Thomas Huanca L. Tsimane Oral Tradition, Landscape, and Identity in Tropical Forest

Tomas Huanca L. Tsimane Oral Tradition, Landscape, and Identity in Tropical Forest. La Paz, Bolivia: SEPHIS – South-South Exchange Programme for Research on the History of Development. 2006. Pp. iii+279, color and black and white photos, line drawings, and designs, color and black and white maps, index., glossary of indigenous terms.

Fredericka Schmadel
Indiana University

Tomas Huanca L., who lived with the Tsimane in Amazonian Bolivia for nine years, documented their traditions, oral history, and myths, retreating now in the face of outside pressure. He includes helpful chapter summaries, many photographs, maps, and charts, a glossary of Tsimane terms, a pronunciation guide, and a bibliography with extensive oral archival as well as scholarly sources. However, once the reader has found a useful section on a topic — a trickster figure, the use of tobacco and/or beer in healing ceremonies, or the Masters of the Game — compare-contrast material will be lacking. It is almost as if the Tsimane, alone among indigenous groups, incorporated tricksters, beer customs, and the like into their world view. This is most decidedly not the case. For this reason, readers who are familiar with other Amazonian indigenous communities will benefit from this ethnography more than readers looking for an introduction to the field.

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Mary Noailles Murfree. ed. Bill Hardwig. In the Tennessee Mountains

Mary Noailles Murfree. Ed. Bill Hardwig. In the Tennessee Mountains. Knoxville: University of Tennessee Press, 2008. Pp. xlviii +167. $24.95 paper.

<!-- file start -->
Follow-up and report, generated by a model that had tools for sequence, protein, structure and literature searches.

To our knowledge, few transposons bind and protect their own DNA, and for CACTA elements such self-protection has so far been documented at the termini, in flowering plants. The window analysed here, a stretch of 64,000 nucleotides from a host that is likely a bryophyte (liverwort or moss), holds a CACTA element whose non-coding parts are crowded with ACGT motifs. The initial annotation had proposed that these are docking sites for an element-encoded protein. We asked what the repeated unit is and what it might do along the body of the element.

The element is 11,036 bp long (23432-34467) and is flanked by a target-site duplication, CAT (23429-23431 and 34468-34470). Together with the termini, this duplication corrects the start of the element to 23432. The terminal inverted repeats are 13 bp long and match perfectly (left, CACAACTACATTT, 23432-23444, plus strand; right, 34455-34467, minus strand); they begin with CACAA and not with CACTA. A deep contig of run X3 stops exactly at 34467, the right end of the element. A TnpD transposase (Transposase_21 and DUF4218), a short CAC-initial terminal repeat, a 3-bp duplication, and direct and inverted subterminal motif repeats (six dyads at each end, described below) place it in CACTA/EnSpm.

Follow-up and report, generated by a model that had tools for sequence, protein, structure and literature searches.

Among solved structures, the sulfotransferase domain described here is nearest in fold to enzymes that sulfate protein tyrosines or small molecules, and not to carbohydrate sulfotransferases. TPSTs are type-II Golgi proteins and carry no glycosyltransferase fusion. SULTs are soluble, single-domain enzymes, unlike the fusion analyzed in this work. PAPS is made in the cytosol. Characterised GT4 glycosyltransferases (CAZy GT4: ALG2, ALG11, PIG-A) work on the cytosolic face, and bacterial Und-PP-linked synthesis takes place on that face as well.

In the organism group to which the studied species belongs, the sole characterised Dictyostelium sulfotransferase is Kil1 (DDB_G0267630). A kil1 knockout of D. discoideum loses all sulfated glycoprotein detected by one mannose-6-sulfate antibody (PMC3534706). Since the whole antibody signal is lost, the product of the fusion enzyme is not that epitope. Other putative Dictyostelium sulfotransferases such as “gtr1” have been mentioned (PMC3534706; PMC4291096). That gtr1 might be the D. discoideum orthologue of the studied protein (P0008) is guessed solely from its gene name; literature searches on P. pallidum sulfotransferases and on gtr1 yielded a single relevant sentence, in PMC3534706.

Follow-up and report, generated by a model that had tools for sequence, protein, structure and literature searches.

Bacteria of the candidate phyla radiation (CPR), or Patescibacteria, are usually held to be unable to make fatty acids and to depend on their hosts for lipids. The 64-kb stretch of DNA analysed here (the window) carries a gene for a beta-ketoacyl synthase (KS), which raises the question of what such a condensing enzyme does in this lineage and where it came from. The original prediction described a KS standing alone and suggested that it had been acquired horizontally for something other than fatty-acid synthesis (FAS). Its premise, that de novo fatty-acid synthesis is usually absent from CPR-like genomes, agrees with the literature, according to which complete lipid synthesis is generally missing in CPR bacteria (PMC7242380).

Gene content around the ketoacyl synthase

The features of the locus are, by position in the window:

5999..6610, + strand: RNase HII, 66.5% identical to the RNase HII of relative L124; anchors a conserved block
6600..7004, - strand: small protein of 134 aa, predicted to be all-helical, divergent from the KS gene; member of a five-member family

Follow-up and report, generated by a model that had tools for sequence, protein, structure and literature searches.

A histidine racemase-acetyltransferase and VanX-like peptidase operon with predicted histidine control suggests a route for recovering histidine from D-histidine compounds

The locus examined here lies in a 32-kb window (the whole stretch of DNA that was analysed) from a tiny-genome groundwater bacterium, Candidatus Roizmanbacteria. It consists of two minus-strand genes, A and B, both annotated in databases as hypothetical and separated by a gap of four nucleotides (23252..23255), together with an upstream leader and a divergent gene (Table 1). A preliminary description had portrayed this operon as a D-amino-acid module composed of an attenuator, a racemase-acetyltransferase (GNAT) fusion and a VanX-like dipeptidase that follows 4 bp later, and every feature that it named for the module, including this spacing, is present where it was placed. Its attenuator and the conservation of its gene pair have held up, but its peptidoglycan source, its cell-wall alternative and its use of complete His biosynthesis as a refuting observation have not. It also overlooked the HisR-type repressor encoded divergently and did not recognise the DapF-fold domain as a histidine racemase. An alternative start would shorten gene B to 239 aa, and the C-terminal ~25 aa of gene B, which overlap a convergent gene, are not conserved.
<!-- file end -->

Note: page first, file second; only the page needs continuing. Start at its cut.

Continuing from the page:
Danielle Quales
Indiana University

The main body of this text was originally published in 1884 by Mary Noailles Murfree under the pseudonym Charles Egbert Craddock.  This collection of eight tales in the popular American local-color style of the late 19th and early 20th centuries is well known to scholars interested in regional studies of the United States, most specifically in the Appalachian region that is treated in Murfree’s sketches.  Murfree came from a wealthy, flatland Tennessee family and spent summers in the mountains interacting with the locals and becoming familiar with Appalachian culture, which was the alleged inspiration for this collection of stories.  Even though these stories were popular with her middle-class readership at the time of publication, In the Tennessee Mountains has come to be regarded as an unfair, stereotypical portrayal of mountain people by the vast majority of scholars in more recent years.  This new edition, though, provides an intriguing introduction to the collection written by Egbert Craddock that makes the book more appropriately contextualized and thus more informative.  Hardwig firmly places Murfree in the social and academic milieu of her time, thus showing both the value of her scholarship in its time period and its shortcomings.  Hardwig gives the reader important biographical information on the writer that give the modern reader a deeper understanding of her reasons for writing about mountain culture. Continue reading “Mary Noailles Murfree. ed. Bill Hardwig. In the Tennessee Mountains”

William Schneider, ed. Living With Stories: Telling, Re-telling, and Remembering

William Schneider, ed. Living With Stories: Telling, Re-telling, and Remembering. Logan: Utah State Press, 2008. pp. 175 pages. ISBN: 978-0-87421-689-9 (cloth) $27.95 cloth, $23.00 e-book.

Kristiana Willsey
Indiana University

Living With Stories grew out of a panel at the 2004 U.S. Oral History Association meeting, and its structure consciously echoes that of a conference session—each chapter is deepened and developed by a following interview between the chapter’s author and a notable scholar whose own, related research makes them uniquely able to expand upon the original paper. These “conversation” chapters extend to the reader a sense of privileged participation, a vicarious presence at an especially coherent and insightful conference discussion. The transcribed conversations are more engaging, and more truly dialogic, than the usual “response” essays in similar volumes. Continue reading “William Schneider, ed. Living With Stories: Telling, Re-telling, and Remembering”